In freezing temperatures in rural LaPorte County, Indiana, a skywatcher was able to capture the rare “green comet” passing by Earth for the first time in 50,000 years.
Space enthusiasts like Patrick Thompson have been talking about C/2022 E3 — more commonly known as the “green comet” — for the last couple of weeks. The comet was discovered only last year as part of a survey that monitors the solar system for moving objects with a wide-field survey camera.
Late Tuesday night, Thompson, a professional photographer by trade, packed up his equipment and set it up in Mills Creek, located in rural LaPorte County.
While battling the extreme cold, Thompson looked up early Wednesday morning and saw something that hasn’t been seen in 50,000 years.
“You can barely make it out with your own eyes,” he said. “Binoculars made it easy. I used a telescope.”
A timelapse image of the comet is below.
To capture the comet, Thompson used a modified Canon 60D camera guided by a star tracker.
“It’s a motor that spins at the same rotation of Earth,” Thompson said. “The camera, it will follow the star and wherever you point it, it will follow it.”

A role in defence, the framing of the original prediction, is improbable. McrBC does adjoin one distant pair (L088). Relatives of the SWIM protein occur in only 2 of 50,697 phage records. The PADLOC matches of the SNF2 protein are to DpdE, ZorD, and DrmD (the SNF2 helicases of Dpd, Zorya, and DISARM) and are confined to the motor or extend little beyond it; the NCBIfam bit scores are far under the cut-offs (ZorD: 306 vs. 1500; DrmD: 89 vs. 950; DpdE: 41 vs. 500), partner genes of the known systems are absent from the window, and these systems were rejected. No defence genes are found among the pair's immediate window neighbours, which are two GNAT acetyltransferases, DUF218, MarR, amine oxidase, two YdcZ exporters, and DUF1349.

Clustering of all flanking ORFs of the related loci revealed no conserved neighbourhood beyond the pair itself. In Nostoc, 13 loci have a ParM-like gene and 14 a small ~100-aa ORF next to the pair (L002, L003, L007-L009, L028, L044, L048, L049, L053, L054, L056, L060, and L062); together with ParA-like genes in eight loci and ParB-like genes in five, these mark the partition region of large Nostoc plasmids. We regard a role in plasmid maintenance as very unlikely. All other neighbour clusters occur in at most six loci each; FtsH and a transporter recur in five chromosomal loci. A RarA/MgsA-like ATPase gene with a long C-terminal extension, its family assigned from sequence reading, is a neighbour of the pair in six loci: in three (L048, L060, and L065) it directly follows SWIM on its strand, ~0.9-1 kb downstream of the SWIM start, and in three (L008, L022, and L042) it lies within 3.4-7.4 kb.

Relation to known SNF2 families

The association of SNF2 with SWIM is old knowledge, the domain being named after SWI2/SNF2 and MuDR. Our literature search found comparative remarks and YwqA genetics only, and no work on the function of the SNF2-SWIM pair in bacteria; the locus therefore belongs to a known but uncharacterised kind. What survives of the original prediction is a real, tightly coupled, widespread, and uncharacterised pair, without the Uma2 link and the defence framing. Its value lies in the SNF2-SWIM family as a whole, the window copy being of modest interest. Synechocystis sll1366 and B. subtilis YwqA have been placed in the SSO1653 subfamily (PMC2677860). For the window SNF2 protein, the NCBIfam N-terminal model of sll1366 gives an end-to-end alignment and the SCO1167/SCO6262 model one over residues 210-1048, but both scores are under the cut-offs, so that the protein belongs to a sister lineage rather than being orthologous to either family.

Thompson said shortly after the timelapse was taken, the moon’s brightness made it harder to track the comet.
“It was a pretty powerful thing to see, but it was also really cold out,” Thompson laughed. “It’s a once-in-a-lifetime thing, and I feel like it’s been cloudy lately.”
The icy celestial object, discovered by astronomers Bryce Bolin and Frank Masci last year with the Zwicky Transient Facility telescope, is expected to pass the Earth at a distance of 26 million miles, which is more than 100 times the distance from the Earth to the moon.
According to The Hill, the comet, which appears as a faint green smudge visible near Polaris (aka the North star), originates from the outer solar system and takes roughly 50,000 years to orbit the sun only once — so this is the only time it will be visible to stargazers for ages.
Scientists said the comet may remain visible in the night sky through Sunday.